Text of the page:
Thursday, November 14, 2013

Boddie v. Connecticut case brief

Boddie v. Connecticut case brief summary
401 U.S. 371 (1971)

Appellants sought review of a judgment from the United States District Court for the District of Connecticut, which held that a State could limit access to its divorce courts by the requirement of a filing fee or other fees, which effectively barred appellants from commencing actions therein.

Appellants, welfare recipients residing in Connecticut, brought an action challenging requirements for payment of court fees and costs for service of process that restricted their access to the courts in an effort to bring an action for divorce. There was no dispute as to the inability of appellants to pay the court fees or costs. The district court found that a state could limit access by the requirement of fees, even when they effectively barred appellants from commencing actions therein. Appellants sought review.


  • The Supreme Court concluded that, given the basic position of the marriage relationship in this society's hierarchy of values and the concomitant state monopolization of the means for legally dissolving this relationship, due process did prohibit a state from denying, solely because of inability to pay, access to its courts to individuals who sought judicial dissolution of their marriages.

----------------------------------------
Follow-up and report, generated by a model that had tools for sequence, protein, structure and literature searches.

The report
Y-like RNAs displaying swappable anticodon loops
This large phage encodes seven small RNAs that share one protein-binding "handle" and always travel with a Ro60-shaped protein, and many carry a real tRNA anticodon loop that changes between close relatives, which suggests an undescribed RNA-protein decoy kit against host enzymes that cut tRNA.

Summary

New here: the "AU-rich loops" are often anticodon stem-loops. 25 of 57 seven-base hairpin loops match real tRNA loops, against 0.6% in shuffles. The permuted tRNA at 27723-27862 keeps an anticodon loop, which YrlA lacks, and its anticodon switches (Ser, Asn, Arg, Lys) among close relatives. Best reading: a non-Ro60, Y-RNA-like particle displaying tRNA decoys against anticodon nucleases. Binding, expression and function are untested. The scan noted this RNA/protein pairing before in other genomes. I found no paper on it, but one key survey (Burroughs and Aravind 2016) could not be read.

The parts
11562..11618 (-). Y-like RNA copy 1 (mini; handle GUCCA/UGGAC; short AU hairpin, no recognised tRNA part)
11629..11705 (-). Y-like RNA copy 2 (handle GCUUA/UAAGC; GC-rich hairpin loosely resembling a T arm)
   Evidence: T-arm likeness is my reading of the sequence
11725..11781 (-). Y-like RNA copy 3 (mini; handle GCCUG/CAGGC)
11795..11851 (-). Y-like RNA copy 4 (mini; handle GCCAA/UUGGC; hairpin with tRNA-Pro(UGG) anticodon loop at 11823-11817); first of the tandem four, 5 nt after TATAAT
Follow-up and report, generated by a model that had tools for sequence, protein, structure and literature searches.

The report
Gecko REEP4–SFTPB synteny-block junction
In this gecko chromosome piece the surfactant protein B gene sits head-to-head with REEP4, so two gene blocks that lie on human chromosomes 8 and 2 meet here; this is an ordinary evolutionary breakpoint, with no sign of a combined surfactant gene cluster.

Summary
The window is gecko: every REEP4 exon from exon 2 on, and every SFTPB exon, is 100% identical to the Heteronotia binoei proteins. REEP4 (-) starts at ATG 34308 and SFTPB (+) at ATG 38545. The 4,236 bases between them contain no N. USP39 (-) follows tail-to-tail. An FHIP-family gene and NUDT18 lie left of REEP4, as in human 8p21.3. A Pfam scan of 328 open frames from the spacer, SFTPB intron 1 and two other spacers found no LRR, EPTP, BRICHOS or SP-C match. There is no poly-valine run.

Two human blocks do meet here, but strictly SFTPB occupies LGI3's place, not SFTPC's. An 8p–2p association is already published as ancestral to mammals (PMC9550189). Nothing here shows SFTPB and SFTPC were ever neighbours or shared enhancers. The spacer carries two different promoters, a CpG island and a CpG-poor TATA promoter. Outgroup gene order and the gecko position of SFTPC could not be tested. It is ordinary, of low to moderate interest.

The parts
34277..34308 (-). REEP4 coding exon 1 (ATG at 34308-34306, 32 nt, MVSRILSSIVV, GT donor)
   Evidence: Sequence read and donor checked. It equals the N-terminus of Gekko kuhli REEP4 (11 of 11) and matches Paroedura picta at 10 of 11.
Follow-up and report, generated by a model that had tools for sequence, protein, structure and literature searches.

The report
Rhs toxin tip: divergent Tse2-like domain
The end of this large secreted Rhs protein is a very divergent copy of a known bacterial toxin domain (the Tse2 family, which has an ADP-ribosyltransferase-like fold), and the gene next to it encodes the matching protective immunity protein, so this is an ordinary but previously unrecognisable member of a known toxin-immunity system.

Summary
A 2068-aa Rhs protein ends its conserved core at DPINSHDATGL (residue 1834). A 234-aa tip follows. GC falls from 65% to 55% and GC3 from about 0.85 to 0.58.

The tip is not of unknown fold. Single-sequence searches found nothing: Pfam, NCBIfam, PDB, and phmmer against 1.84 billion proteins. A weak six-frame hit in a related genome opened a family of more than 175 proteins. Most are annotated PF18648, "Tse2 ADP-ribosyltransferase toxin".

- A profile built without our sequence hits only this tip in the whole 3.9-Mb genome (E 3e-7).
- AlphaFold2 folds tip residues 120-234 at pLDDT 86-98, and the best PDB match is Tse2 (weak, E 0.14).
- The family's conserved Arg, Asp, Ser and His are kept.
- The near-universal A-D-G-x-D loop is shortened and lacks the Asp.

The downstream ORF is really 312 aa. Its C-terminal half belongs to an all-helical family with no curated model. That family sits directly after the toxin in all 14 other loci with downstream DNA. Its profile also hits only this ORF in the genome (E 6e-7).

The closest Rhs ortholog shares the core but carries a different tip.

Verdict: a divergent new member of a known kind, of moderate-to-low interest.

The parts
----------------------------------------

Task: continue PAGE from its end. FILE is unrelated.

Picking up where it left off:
• Thus, the Court held that a state could not, consistent with the obligations imposed on it by the Due Process Clause of the Fourteenth Amendment, pre-empt the right to dissolve this legal relationship without affording all citizens access to the means it had prescribed for doing so.
The Court reversed the judgment of the district court.

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